The Supreme Court weighed whether the U.S. Postal Service (USPS) must accommodate a Christian mail carrier’s religious request for Sundays off work during Tuesday’s oral arguments in Groff v. DeJoy.
In 2019, Gerald Groff sued USPS after it failed to exempt him from working on Sundays, a religious accommodation he argued is mandated under Title VII of the Civil Rights Act of 1964 and the Equal Employment Opportunity Act of 1972.
His case gives the Supreme Court the opportunity to address what many deem bad precedent in its 1977 Trans World Airlines, Inc. v. Hardison ruling, which limited protections under Title VII, asserting that religious accommodations need not apply when it will saddle the employer with more than a trivial, or “de minimis,” burden.
Groff’s attorney, Aaron Streett, told the Court that the triviality standard set out in Hardison makes a “mockery of the English language,” arguing that it is a far cry from the clear text of the statute, which says religious accommodations must be offered unless it imposes “undue hardship.”
Other workplace accommodations, such as those guaranteed under the Americans with Disabilities Act, enjoy strong protections from violations by employers, but Streett said those same standards don’t apply to religious employees seeking accommodations.
Solicitor General Elizabeth Prelogar, arguing on behalf of Postmaster General Louis DeJoy, cautioned against overturning Hardison. Doing so could upset decades of good case law in the lower courts, she said.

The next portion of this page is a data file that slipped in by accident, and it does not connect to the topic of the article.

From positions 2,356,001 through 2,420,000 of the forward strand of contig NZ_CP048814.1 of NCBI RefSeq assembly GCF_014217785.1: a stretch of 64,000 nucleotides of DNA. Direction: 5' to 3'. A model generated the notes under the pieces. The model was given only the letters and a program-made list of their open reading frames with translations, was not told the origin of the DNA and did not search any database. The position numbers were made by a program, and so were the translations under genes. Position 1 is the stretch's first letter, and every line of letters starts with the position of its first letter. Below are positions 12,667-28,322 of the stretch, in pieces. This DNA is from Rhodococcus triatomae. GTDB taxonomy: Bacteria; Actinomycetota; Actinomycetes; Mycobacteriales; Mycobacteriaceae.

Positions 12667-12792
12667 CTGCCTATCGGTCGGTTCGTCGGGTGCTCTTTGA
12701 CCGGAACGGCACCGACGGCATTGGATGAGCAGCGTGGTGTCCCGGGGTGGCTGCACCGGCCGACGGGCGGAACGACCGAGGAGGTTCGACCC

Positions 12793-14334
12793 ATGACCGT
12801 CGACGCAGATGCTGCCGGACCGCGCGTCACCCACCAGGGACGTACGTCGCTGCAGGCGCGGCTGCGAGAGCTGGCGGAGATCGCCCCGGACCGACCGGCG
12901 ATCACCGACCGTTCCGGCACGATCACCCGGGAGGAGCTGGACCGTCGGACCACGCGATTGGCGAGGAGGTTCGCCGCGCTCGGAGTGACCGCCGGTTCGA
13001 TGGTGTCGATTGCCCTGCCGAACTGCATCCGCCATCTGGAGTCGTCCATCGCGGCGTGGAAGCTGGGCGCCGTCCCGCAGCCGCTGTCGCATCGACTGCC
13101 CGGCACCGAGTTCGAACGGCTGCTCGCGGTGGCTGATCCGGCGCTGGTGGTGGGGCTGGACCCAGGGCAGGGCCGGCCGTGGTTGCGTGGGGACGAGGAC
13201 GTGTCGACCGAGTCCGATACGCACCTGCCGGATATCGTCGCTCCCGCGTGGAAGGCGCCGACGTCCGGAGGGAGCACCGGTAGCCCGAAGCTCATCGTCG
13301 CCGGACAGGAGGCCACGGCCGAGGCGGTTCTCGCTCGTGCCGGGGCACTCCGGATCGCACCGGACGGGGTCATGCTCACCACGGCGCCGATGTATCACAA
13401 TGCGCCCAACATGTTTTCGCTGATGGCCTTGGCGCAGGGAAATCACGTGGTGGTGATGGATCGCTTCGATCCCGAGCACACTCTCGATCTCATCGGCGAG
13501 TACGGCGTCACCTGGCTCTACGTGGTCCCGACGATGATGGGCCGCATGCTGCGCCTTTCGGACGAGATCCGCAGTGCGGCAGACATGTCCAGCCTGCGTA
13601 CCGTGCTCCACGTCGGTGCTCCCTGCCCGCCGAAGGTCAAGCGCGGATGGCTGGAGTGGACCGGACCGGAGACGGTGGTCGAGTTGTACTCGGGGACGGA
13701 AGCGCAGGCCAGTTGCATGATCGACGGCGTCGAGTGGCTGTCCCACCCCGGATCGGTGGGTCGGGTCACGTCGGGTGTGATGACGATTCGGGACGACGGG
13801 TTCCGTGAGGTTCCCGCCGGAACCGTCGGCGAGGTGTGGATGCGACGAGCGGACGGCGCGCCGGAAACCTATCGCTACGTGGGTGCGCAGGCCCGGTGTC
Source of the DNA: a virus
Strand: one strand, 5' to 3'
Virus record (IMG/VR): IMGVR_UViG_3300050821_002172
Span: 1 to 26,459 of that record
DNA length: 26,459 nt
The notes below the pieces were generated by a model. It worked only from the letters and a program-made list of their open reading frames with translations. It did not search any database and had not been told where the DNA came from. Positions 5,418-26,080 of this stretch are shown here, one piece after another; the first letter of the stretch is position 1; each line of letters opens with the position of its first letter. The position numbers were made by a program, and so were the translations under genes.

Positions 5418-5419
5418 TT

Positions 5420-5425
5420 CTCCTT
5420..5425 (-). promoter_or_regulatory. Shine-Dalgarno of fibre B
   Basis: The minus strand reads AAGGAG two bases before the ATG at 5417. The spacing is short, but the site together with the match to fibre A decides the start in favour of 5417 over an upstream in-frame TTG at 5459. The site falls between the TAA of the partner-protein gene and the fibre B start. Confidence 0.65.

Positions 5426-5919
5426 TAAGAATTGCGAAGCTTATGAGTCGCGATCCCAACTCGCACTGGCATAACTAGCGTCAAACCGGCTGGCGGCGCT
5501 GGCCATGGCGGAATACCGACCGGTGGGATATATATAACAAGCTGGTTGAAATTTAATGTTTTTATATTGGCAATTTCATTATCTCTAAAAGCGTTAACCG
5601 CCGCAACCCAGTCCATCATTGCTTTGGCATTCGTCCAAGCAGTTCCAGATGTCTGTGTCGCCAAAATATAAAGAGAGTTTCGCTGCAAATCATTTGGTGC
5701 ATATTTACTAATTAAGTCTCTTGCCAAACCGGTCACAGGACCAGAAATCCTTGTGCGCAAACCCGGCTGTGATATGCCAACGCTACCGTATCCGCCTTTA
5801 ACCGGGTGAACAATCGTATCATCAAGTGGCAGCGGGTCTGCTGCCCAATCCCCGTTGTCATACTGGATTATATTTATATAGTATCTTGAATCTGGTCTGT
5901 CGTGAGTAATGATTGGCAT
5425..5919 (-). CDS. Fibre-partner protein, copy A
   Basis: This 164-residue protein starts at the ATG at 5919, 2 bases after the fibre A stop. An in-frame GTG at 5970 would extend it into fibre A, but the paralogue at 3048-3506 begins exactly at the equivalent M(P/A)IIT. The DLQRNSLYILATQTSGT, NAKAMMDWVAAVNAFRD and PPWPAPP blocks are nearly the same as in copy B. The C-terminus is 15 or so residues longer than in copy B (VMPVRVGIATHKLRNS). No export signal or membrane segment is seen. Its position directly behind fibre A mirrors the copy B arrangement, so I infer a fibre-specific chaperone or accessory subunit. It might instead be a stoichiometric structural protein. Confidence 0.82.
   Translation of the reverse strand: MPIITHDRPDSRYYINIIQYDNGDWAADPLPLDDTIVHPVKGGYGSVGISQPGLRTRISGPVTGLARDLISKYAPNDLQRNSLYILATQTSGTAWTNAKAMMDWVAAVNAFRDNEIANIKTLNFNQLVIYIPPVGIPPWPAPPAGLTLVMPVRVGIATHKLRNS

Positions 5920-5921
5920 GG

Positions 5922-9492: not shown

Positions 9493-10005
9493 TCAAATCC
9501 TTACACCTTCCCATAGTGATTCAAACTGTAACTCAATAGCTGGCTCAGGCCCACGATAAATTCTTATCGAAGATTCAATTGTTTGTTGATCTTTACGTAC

Justice Neil Gorsuch was intent on finding common ground between the parties; both sides agreed an employer’s obligation to offer a religious accommodation is dependent on the circumstances, and both agreed employers must meet a higher standard than the one set out in Hardison when denying a request.
While the parties overlapped in some areas, they had different ideas on what standard should be used to replace the previous standard. Justice Sonia Sotamayor noted that there is no clear rule the Court can give because accommodations are “contextual” based on what a company is able to offer.
A small grocery store with three employees, for instance, might have more trouble providing an accommodation than a major corporation like Amazon.
Other concerns dealt with the second question posed by the case: whether damages to employee morale resulting from the accommodation could be enough to prove an employer suffered an “undue burden.”
The issue was a significant part of the Third Circuit Court of Appeals’ reasoning for ruling against Groff. His absence, they found, “diminished employee morale.”
Justice Elena Kagan, along with Sotamayor, expressed resistance to overruling Hardison, stressing the importance of following stare decisis when Congress has not disputed the statute’s interpretation.
Justice Ketanji Brown Jackson also appeared hesitant. “Isn’t this a policy question for Congress?” she asked.
“Courts have interpreted Title VII so restrictively that employers need not grant even the most simple of accommodations to religious observers to enable them to follow their faith,” Streett said in a statement after oral arguments. “The Justices have the opportunity in this case to restore religious liberty to the workplace. An America that values religious pluralism should respect the religious liberty rights of every employee.”
Groff also reacted to the morning’s arguments.
“Only God knows the final outcome of my case; I still trust Him even if my decision to honor the Lord’s Day costs me my career,” Groff said. “I hope this case results in a decision that allows others to be able to maintain their convictions without living in fear of losing their jobs because of what they believe.”
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